Peltarion Prediction Server

Docker is the most wanted and second most loved developer tool, and helps millions of developers build, share and run any app, anywhere - on-prem or in the cloud.
You can use it to wrap the models you’ve trained on the platform and deploy them easily where you want.

Prerequisites

  • Build and train a model. Check the tutorials to find inspiration and to get started quickly.

  • Download and install Docker to create and deploy the image containing your model.

Containerized model overview

These are the steps to take to run your model as a container:

  1. Download your model, making sure to select Model with Docker container definition.

  2. Extract the downloaded zip which contains the SavedModel file, as well as extra files that define how your model can be deployed.

  3. Use docker build to create an image containing your trained model.

  4. Use docker run to deploy the base image with the downloaded model as parameter.

Create and use a container with your model

File download

When you download your model, make sure you check the Model with Docker container definition option to get all the necessary files.

Extract the archive so that you have all the files available in a folder.

Generate the Docker image

Within the extracted folder, run this command to generate the Docker image:

docker build -t model-export -f Dockerfile .

Run the image

Run the container with the model’s image:

docker run -p 8000:8000 model-export

Get predictions from the deployed model

The API used by the containerized model differs slightly from the Deployment API used on the Peltarion Platform.

The proxy server expects data in the following format:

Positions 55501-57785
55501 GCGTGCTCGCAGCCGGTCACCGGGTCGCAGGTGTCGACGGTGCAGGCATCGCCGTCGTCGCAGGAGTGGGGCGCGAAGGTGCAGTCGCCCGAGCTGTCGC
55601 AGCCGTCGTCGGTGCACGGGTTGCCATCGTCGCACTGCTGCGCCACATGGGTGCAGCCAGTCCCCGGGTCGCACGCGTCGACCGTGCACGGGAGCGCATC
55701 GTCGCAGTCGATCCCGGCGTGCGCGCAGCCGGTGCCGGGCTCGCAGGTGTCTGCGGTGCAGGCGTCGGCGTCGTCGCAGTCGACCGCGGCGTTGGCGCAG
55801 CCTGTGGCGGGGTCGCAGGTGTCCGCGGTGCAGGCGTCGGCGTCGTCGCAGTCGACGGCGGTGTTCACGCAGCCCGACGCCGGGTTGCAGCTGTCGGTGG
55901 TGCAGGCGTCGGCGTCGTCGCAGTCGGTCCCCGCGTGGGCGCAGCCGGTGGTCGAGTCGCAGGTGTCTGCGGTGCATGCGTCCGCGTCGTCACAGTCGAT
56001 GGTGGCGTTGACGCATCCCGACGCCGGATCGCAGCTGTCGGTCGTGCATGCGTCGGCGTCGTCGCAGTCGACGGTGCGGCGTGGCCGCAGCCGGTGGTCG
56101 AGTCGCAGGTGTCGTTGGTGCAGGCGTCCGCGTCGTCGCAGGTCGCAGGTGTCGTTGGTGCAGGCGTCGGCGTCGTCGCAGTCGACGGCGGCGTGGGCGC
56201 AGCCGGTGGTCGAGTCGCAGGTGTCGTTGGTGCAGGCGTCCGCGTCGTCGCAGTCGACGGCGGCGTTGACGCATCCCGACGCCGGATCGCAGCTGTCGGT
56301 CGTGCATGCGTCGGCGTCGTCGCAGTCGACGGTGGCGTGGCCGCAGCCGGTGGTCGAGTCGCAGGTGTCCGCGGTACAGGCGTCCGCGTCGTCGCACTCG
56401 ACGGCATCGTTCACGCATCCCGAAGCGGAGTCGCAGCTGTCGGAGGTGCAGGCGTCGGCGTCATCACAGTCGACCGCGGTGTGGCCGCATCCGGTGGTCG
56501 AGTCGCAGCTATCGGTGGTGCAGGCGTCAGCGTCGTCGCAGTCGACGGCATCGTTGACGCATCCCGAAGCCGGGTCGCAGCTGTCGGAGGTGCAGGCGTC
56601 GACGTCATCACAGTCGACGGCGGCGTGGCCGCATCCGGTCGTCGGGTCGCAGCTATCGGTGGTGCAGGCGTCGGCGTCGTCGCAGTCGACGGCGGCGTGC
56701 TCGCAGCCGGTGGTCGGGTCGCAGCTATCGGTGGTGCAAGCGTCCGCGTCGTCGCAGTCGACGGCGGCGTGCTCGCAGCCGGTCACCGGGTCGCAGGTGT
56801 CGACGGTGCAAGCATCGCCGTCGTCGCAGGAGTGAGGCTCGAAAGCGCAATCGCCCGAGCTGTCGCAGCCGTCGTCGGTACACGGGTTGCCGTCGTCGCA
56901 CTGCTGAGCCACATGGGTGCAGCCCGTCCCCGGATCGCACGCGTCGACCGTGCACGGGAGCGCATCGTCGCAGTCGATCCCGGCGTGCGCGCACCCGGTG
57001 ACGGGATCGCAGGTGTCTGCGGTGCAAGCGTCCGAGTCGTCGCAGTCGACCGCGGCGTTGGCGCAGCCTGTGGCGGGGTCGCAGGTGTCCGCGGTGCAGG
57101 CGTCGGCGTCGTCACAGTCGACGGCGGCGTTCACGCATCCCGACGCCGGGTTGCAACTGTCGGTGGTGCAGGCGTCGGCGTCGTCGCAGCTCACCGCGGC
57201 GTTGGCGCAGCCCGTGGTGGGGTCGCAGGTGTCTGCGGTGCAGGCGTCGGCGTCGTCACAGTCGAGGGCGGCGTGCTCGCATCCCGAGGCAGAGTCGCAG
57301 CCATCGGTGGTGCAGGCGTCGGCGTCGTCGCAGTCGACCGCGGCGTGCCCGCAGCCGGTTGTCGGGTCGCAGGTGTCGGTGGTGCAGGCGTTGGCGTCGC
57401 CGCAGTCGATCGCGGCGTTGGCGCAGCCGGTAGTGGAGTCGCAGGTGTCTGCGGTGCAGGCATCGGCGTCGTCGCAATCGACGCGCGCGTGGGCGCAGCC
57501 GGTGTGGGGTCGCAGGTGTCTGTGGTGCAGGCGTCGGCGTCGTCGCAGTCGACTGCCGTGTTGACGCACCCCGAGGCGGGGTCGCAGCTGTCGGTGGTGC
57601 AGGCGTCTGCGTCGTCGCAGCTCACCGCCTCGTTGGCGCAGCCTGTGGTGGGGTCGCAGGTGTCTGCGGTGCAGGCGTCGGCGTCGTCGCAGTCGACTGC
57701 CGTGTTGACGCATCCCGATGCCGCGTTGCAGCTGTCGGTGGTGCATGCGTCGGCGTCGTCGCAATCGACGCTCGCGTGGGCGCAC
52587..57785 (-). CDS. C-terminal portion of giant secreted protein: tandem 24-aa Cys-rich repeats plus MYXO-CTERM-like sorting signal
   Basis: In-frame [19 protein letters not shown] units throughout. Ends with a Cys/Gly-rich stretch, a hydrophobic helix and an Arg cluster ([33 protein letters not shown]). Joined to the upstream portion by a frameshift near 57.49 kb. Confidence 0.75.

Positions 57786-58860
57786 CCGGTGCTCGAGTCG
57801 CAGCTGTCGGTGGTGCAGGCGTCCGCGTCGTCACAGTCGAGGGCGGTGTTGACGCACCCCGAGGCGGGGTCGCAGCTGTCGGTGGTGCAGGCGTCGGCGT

{
    "instances": [
        {
            "<feature 1 label>": <feature 1 data>,
            "<feature 2 label>": <feature 2 data>,
            ...
        },
        ...
    ]
}

That is, instances is a list of records, and each record is a mapping from feature labels to the feature data.

In addition, there are two endpoints, regress and predict, depending on the model task.

You can use them e.g. in cURL like this:

curl -X POST http://localhost:8000/regress -H "Content-Type: application/json" -d '{"x": 1}'

curl -X POST http://localhost:8000/predict -H "Content-Type: application/json" -d '{"x": 1}'

Sending images

Images need to be base64 encoded. This can be done e.g. with a snippet of code as this one:

import base64

with open("<path to image>", "rb") as f:
    image_bytes = f.read()

data = {
    "instances": [
        {
            "Image": base64.encodebytes(image_bytes).decode("utf-8")
        }
    ]
}

Response format

The response is forwarded directly from TF Serving REST API without post-processing.

The response from the predict endpoint is:

{
  "predictions": <value>|<(nested)list>|<list-of-objects>
}

The response from the classify endpoints is:

{
  "result": [
    // List of class label/score pairs for first Example (in request)
    [ [<label1>, <score1>], [<label2>, <score2>], ... ],

    // List of class label/score pairs for next Example (in request)
    [ [<label1>, <score1>], [<label2>, <score2>], ... ],
    ...
  ]
}

The response from the regress endpoint is:

{
  // One regression value for each example in the request in the same order.
  "result": [ <value1>, <value2>, <value3>, ...]
}
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